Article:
Fishing party was 676 fish over limit
An anonymous tip turned out big for local conservation officers when they found a fishing party on Upper Cormorant Lake accused of illegally taking hundreds of crappies and sunfish.
The six adults have been charged with misdemeanor fishing violations in Becker County District Court.
And they may pay dearly if convicted.
For restitution purposes, each sunfish and crappie is valued at $5.
That means that, if convicted, they will pay a combined $3,380 in restitution to the DNR.
That’s in addition to any fines or other action that could be meted out by the court.
On July 2, the fish were found in freezers in two cabins that the party occupied at End of the Road Resort.
The fish had been filleted and frozen in freezer bags with water, said DNR Conservation Officer Bill Landmark.
The freezer in one cabin held 25 quart-size freezer bags with approximately 15 to 20 fish in each bag, or 385 co-mingled crappies and sunfish, about 295 over the legal limit.
The freezer in the other cabin held numerous freezer bags containing 471 co-mingled crappies and sunfish, which was 381 fish over the limit.
There were also 32 crappies and 13 sunfish in the resort’s south dock live well, and 16 crappies and 70 sunfish in the north dock live well.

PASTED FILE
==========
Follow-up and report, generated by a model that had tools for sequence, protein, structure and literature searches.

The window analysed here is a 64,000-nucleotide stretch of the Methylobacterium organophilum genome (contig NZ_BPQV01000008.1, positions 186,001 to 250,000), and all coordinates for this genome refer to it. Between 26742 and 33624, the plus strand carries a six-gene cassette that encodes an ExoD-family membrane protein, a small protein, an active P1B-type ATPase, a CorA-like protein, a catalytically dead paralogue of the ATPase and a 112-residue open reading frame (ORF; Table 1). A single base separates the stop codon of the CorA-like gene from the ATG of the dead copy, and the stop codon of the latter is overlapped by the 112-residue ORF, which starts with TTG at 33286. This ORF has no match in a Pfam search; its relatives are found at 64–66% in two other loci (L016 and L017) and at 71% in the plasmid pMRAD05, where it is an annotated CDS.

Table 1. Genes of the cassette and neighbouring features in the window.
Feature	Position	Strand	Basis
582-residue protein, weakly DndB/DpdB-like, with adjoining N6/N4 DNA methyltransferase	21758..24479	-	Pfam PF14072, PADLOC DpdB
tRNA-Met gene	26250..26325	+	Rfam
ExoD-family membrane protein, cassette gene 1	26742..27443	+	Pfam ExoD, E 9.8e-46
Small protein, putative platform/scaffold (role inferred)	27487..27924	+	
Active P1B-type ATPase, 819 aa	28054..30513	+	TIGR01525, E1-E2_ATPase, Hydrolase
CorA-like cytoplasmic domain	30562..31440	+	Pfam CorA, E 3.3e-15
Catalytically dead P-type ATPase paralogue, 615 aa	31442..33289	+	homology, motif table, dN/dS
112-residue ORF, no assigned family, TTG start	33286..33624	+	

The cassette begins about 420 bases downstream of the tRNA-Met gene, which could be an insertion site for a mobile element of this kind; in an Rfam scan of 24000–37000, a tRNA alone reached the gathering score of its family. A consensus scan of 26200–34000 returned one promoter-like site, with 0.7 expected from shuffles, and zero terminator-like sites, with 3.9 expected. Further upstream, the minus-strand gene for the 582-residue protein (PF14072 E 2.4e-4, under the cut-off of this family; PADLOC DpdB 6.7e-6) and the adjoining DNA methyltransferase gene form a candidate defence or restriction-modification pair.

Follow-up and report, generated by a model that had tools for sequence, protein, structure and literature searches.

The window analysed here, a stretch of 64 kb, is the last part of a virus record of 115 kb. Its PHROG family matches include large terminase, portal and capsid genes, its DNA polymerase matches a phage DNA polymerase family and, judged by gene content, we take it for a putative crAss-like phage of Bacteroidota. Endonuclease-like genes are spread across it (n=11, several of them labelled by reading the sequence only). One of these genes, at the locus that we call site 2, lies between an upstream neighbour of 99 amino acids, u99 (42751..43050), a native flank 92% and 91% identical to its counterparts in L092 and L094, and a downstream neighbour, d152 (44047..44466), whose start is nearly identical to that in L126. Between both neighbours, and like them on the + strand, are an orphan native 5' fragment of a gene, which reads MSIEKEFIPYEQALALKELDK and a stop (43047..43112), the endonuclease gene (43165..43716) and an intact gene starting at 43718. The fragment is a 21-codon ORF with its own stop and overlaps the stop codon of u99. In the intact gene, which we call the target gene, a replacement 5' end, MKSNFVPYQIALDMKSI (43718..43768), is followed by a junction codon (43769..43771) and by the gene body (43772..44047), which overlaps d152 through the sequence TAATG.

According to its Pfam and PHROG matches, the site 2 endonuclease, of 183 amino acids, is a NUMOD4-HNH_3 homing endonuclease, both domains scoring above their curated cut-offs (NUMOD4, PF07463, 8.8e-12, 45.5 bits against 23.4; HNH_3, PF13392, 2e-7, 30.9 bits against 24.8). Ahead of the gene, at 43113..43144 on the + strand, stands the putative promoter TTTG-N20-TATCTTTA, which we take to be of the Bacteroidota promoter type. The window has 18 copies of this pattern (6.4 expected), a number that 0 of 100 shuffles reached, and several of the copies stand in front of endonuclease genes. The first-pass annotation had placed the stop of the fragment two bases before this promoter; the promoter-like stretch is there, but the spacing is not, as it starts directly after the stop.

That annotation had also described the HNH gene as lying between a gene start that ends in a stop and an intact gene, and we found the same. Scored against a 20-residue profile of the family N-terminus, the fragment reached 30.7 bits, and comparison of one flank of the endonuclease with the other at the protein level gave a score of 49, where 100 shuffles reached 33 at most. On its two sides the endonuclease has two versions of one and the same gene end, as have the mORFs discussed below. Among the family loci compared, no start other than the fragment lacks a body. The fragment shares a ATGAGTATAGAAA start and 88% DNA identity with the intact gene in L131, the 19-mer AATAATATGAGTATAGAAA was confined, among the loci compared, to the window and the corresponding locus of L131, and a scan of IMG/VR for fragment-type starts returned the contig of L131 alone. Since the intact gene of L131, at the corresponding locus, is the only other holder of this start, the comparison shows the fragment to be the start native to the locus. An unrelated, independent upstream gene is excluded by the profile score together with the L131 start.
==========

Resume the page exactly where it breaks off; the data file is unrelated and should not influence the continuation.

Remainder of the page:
Two conservation officers counted all the fish, figuring two fillets equaled one fish, said Landmark.
All six adults had valid nonresident fishing licenses, but the kids did not. So there was some confusion among the party about how many fish they could take, Landmark said.
“I think they were aware they were over the limit, but not how much over the limit they were,” Landmark said.
The group had visited the resort four or five times in the past, he said.
Reached by phone, one of the party, Clifford Emmons, 78, of Bedford, Ind., said he had no comment.
“What’s there to say? We took too many fish,” he said tiredly.
Others in the fishing party that were charged with misdemeanors in District Court were: Anthony Emmons, 54; Gregory Emmons, 58; Ryan Emmons, 32; Chad Wright, 42 and Amanda Wright, 40, all of Bedford, Ind.
On Aug. 4, District Judge Joe Evans issued a summons for all of them to appear in court on Aug. 31.
The charges were a direct result of an anonymous tip to the DNR’s Turn in Poachers (TIP) hotline, Landmark said.
Cash awards are given up to $500, and other items are also given as rewards, including outdoors artwork created by well-known artists especially for the DNR reward program, he said.
Most people leave a name and a return phone number on the TIP line, but anonymous calls are welcome, too, Landmark said.
It helps if the caller provides as many details as possible, he added.
“A lot of our calls come from concerned outdoorsmen who do things right,” he said.
Those who break the rules are not being fair to others who share the state’s resources, he added.
And not all fish are valued at $5.
Walleye and bass are valued at $30, for example, and muskie over 50 inches have a restitution value up to $1,000, he said.
“It’s not very often that we come across that many fish,” he said of the Upper Cormorant case. “There are maybe only a handful of those situations a year.”